Adham Al Hariri – a role model to Syrian fathers in Za’atari for good parenting
The Za’atari camp currently hosts about 88,254 refugees, significantly more than its official capacity of 60,000. Living in prefabricated structures—which are sometimes extended by tents—is the common form of living for Syrian refugees residing in the Za’atari refugee camp. People inside camps by and large have less space. In Za’atari, 57% of households have one housing unit (caravan); 34% report two units, and only 8% have three units or more. Cramped living conditions inside the camps place significant pressure on parents to accommodate for a good quality of life for their children.
Adham Al Hariri, a Mercy Corps participant in the parenting program under ISHRAK mentions how hard it is for him to provide an independent space for his adolescent sons and daughters who seek privacy and independence which is a basic adolescent need.
After ten years, access to decent, well-paid employment that gives a feeling of job security is still a distant hope for most. The economic conditions increase parents' pressure even further to provide a quality life for their children. According to a recent World Bank report, all camp refugees receive 23 Jordanian dinars, or about US$ 32 per person per month through the World Food Program's (WFP) blockchain system to cover food needs. Furthermore, the majority (78%) of job-seeking Syrian male refugees who are in the labor force and aged 15 and above are men.
Adham Al Hariri mentions to Mercy Corps, “since 2013 I started selling off my property in Syria to provide a decent living for my family which consists of 11 members, as the only breadwinner of the family, I have depleted all my resources.”
In 2014, property income was reported by 5% of all households in the Za’atari camp, according to a recent study published by the Ministry of Planning and International Cooperation (MoPIC) “The living conditions of Syrian refugees in Jordan.” The same study indicates that debt is reported by 55% of the Za’atari camp population.
Adham continues, “to this date, I have spent all my savings from selling properties and I have debts for relatives in Syria.”
Moreover, adolescent children tend to compare how their parents respond to their new needs in the teens age, i.e. requesting more freedom and independency from parents’ rules, and other materialistic needs versus other Syrian parents in the camp. This can be stressful for parents when they are striving to maintain their children’s good behaviors and obedience to their upbringing. The situation is harder for female adolescents as parents are more rigid and conservative around their freedom of choice and movement outside the house.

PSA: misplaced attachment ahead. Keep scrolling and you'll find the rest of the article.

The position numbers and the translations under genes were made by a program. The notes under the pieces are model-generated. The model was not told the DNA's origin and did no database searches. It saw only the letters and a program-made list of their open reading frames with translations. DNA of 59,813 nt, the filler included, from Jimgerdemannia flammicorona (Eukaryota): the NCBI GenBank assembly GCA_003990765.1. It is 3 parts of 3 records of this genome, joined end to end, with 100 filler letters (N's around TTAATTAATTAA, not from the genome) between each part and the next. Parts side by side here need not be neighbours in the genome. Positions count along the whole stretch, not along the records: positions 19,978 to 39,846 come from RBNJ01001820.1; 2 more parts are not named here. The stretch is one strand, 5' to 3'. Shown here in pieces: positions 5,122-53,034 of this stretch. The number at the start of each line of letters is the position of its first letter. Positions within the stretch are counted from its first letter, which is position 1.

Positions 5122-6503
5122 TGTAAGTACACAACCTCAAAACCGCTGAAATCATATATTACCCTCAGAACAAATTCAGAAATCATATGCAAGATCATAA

The aforementioned stressors faced by Syrian refugee parents in camps increase their tendency to opt for violence when dealing with their young and adolescent children and hinder the possibility for maintaining a healthy relationship that is built on trust between them.
When Adham started attending the parenting program with Mercy Corps he started to observe his violent approaches with his adolescent children in light of the new knowledge he received on positive parenting and developmental needs, and techniques on how to approach adolescents, and that his upbringing style is causing them stress.
Through the shared examples from the Mercy Corps course trainer, he learned new ways in finding solutions with his adolescent sons, in particular, to obey him without depending on fierce actions and words, instead, he seeks to conversation and persuasion approaches with his sons and started to build a mutual trust ground in dealing with them, such as not to question all their actions and their whereabouts and get to know the information he needs indirectly.
Through the parenting program, Adham realized the urgent need to understand and respond to the basic needs of his adolescent daughters too, he learned to appreciate their self-esteem, their need for self-actualization, and how to meet their basic needs as this is key to their growth and success in the future.
Like many other fathers participating in this program under ISHRAK, Adham has gained new insights and skills that promote healthy and effective parenting practices with his children of all ages. He mentions an incident with his 6-year-old son who refused to go to school one day, he made his little boy indirectly listen to a side-conversation with his mom, saying: “if Ahmad doesn’t go to school today don’t give him his pocket money.” Ahmad swiftly put on his bag and went to school eagerly, Adham mentions, “instead of forcing him to go unhappy to school, my little boy went to school by his own free will, feeling content and not punished.”
Through his journey in the parenting program, Adham sensed that being the father of the family, he should not negatively affect the healthy atmosphere among family members at home by bringing in his stress and anger from outside difficult circumstances. Instead, when he is feeling stressed, he speaks to trustworthy friends about his problems and finds ways to calm himself before coming back home.
Moreover, Adham became a role model to other Syrian fathers in his community who come to speak to him about the problems they face in raising their children and wanting them to obey them without opting for violent behaviors. Adham provides them with advice on parenting practices and approaches he learned and encourages them to enroll in the program.
Through the parenting program under ISHRAK, Mercy Corps will continue to improve family and children relationships by equipping parents and caregivers with constructive knowledge and skills that promote healthy and effective parenting practices. The program is constantly adapted to the needs of the community and tackles difficult themes, including toxic stress during the pandemic, positive parenting and developmental needs, and techniques on how to approach adolescents.